While increasing percentages of hospitals and healthcare facilities are harnessing the power of building information modeling (BIM) for planning and new construction, very few have applied its potential to ongoing facilities management and operations.
However, The Ohio State University Medical Center may be setting a new trend with its current initiative to convert two-dimensional drawings into 3-D BIM models for the organization’s 55 buildings.
“A lot of organizations have decided to use BIM moving forward, but very few are doing what we’re doing for our existing buildings,” says Joe Porostosky, manager of facilities information and technology services, The Ohio State University Medical Center, Columbus, Ohio. “We see the value of taking the time and resources to make this switch.”
What exactly is the value of having 5.7 million square feet of facility BIM models?
For starters, with such detailed building data and visualization capabilities at their fingertips, executives and facility planners will be able to make qualitatively better decisions when it comes to facility use, renovations, maintenance, and even energy use.
In fact, even though the full conversion has yet to be completed, the medical center is already seeing value in the models.
For example, “With a recent emergency room renovation, we were able to create a video walkthrough with a very high-quality rendering to show senior leaders different options for things like finishes, flooring, and paint,” Porostosky says.
Similarly, when a new senior leader came in and needed to decide how he wanted his office to be designed, Porostosky’s team was able to model and render out a picture of what the space could look like.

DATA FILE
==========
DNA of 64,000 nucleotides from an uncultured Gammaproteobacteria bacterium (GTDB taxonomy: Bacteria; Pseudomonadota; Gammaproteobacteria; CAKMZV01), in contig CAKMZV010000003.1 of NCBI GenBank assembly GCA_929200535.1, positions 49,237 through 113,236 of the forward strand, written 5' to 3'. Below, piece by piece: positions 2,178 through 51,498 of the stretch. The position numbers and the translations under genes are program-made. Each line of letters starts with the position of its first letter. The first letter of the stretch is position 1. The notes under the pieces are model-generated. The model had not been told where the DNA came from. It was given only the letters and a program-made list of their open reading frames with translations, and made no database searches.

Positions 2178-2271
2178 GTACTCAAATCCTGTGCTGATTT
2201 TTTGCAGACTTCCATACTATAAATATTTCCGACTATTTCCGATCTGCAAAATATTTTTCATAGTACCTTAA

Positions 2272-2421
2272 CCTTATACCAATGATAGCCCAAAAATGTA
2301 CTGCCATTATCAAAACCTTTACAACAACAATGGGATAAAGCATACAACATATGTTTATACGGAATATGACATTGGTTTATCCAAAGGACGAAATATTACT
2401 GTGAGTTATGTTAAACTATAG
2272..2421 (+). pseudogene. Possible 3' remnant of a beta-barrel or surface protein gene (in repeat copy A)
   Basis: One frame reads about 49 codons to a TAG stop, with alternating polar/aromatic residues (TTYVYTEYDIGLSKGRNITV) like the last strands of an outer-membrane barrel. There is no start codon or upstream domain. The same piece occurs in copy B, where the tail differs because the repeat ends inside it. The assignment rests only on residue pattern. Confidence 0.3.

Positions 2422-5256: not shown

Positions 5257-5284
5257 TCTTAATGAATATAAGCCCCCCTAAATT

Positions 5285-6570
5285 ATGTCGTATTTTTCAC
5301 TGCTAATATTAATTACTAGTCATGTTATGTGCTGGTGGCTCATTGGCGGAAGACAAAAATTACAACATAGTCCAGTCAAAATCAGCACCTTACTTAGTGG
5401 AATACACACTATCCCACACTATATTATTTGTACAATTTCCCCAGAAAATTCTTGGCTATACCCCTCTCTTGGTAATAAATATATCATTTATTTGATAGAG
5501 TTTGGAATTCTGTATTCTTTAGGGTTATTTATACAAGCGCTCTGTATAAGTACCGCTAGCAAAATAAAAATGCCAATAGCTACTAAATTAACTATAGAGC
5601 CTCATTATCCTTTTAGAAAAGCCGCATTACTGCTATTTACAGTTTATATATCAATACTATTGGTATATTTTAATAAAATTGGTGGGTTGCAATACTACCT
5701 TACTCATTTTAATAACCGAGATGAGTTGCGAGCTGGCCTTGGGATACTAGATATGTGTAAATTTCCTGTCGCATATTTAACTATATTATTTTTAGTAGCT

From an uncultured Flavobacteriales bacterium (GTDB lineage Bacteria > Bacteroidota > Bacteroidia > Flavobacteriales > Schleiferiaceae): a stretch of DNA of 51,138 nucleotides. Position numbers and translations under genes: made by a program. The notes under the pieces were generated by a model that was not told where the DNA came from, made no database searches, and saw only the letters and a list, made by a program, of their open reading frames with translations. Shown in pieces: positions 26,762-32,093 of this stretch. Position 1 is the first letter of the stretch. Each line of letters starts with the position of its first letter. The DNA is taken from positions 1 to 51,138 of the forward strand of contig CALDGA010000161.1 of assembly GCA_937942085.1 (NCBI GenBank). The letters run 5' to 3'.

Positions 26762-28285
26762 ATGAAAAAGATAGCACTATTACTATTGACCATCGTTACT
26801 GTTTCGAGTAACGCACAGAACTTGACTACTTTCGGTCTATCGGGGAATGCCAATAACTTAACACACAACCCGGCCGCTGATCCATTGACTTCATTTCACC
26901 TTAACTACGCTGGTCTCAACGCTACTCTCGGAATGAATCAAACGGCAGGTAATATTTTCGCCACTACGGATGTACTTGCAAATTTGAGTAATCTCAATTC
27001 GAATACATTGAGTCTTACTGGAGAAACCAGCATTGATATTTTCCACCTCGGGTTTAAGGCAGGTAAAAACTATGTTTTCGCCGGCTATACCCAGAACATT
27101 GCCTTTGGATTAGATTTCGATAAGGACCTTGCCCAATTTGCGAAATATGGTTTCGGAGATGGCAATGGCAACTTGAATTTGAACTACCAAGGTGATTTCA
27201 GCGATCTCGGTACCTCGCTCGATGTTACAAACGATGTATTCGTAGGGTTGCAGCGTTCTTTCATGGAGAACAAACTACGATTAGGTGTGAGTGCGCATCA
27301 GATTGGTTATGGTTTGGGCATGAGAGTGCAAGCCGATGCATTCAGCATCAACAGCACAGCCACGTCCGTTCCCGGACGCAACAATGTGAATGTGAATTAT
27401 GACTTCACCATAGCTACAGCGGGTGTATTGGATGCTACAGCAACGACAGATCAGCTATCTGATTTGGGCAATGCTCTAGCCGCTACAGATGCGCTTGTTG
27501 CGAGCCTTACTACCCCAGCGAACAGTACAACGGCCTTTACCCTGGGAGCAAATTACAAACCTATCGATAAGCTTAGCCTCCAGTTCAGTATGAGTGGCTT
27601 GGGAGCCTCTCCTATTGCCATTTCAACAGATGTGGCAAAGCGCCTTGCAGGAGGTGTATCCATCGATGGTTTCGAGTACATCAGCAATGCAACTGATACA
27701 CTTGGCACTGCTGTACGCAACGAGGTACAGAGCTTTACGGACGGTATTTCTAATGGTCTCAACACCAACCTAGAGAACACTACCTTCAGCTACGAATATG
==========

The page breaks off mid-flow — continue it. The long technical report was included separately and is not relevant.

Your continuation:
“We were able to use the technology right off the bat to show some value,” he says.
Similarly, Charles E. (Chuck) Mies, LEED AP, Assoc. AIA, business development manager, Autodesk AEC Solutions, Wichita, Kansas, points out, “BIM is more than just a design tool. It’s a process that offers better management and communication with streamlined processes during design, construction, and, ultimately, the built environment, long after the contractor hands over the facility. Furthermore, operating and maintaining the built environment, post construction, is where most of the money is on the line.”
While having up-to-date BIM models of a campus’s building portfolio is beneficial for any property owner, BIM offers unique benefits to the healthcare sector.
Research conducted by Reed Construction Data has found that larger hospital and clinic owners are now requiring BIM for specification documents.
In addition, Brian Skripac, director of building information modeling, DesignGroup, Columbus, Ohio—whose firm was brought in as the BIM consultant for this Ohio State project—is observing growing numbers of smaller healthcare organizations beginning to set BIM standards for projects moving forward.
“In comparison to other AEC market segments, the healthcare sector has the most to gain from using BIM,” Mies says. “The sheer volume of structural elements involved in establishing or upgrading a healthcare facility is unrivaled. The need for every building component performing at its best rises significantly since providing care can mean influencing a person’s chances of survival.”
Of course, what’s unique about the medical center’s approach is retroactively upgrading existing building drawings to BIM, which, in Skiprac’s opinion, will ultimately open the door to even more benefits.
“Often reimbursement opportunities and grant research funding are tied into having up-to-date tracking information and data in terms of how the spaces within a healthcare facility are specifically being used,” he says.
Similarly, Porostosky notes that this tracking and space usage data will come in very handy when reporting to different compliance agencies. “The churn in our spaces is remarkable as there is a huge amount of constant change, so we need to make sure our square footage data is right on.”